• Businesses must continue to report COVID-19 cases. The new Order retains the requirement that all personnel immediately alert the business if they test positive for COVID-19 and were present in the workplace within 48 hours before or 10 days after onset of symptoms or, for asymptomatic individuals, within 48 hours before or 10 days after the date they were tested. If a business learns that one of its personnel tested positive and was at the workplace within that timeframe, it must report the positive case to the Santa Clara County Public Health Department within 24 hours and comply with all case investigation and contact tracing measures directed by the County. Additional step-by-step guidance is provided for businesses on the county’s website.

The new Order also encourages businesses to consider moving operations and activities outdoors.

Lifted restrictions

The new Order lifts some previous restrictions, in recognition of widespread vaccination and fewer cases of COVID-19 in the community:

  • Maximizing telework is no longer required. Under previous versions of Santa Clara County’s health orders, businesses permitted to reopen were still required to maximize the number of people who worked remotely. This requirement has been lifted in the May 18 Order.
  • Social-distancing protocols are no longer required. Under previous versions of Santa Clara County’s health orders, businesses permitted to reopen were required to submit a social-distancing protocol, signed under penalty of perjury, to the Santa Clara County Public Health Department. This requirement has been lifted, but employers are reminded to continue to comply with any state rules, including the Cal/OSHA emergency temporary standards, which were summarized in a previous Cooley alert and currently require social distancing, regardless of vaccination status.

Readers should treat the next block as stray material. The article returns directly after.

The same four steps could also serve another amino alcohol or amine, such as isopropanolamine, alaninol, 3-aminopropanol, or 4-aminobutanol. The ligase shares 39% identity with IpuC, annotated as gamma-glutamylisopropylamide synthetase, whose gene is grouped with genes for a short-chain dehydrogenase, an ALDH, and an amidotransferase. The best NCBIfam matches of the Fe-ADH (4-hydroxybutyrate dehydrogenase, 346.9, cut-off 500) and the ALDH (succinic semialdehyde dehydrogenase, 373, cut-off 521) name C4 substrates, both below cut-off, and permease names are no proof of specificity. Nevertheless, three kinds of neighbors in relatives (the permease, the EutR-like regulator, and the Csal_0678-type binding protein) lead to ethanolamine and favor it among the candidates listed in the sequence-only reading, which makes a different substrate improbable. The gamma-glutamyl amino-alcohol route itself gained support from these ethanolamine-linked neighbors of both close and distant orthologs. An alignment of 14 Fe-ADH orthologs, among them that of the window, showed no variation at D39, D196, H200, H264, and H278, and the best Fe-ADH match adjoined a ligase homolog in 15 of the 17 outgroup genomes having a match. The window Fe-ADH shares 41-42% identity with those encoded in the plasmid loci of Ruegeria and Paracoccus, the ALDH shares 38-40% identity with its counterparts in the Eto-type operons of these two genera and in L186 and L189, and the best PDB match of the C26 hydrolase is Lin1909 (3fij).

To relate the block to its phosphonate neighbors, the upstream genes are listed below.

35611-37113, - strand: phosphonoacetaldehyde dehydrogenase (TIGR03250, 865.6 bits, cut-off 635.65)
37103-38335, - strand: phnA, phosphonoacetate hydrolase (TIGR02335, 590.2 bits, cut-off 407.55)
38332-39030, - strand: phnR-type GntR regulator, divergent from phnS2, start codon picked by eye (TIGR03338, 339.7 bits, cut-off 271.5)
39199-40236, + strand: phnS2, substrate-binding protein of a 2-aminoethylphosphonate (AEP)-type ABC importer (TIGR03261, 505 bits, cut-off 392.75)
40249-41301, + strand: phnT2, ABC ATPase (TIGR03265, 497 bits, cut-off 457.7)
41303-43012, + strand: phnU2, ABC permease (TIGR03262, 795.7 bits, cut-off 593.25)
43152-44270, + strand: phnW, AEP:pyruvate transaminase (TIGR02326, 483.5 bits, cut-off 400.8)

• Local capacity limitations are lifted. Santa Clara County had previously issued a local Mandatory Directive on Capacity Limitations, which is no longer effective. Employers are reminded to consult the state guidance, which recommends limiting the number of workers in the office at one time to accommodate social distancing.

Recommended steps for employers

Employers in Santa Clara County should complete their initial assessment of vaccination status by June 1, and be prepared to conduct follow up assessments every 14 days thereafter. Employers should also carefully review the other aspects of the new Order and mandatory directives summarized above and incorporate any relevant changes into their policies and procedures.

In addition, employers should review and comply with all state rules and guidance, including the Cal/OSHA Emergency Temporary Standards and any guidance from the CDPH, as well as federal guidance from the CDC and OSHA. While we expect requirements at various levels of government to change in the upcoming weeks and months, it is important to remember that employers must comply with whatever guidance is the most restrictive.

If you have questions about this new Santa Clara County Health Order or other aspects of COVID-19 safety in the workplace, please reach out to a member of the Cooley employment team.

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Elizabeth Lewis Senior Counsel, Washington, DC
Joshua Mates Partner, San Francisco
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Bronwyn L. Roberts Special Counsel, Boston
Gregory Tenhoff Partner, Palo Alto
Ryan Vann Partner, Chicago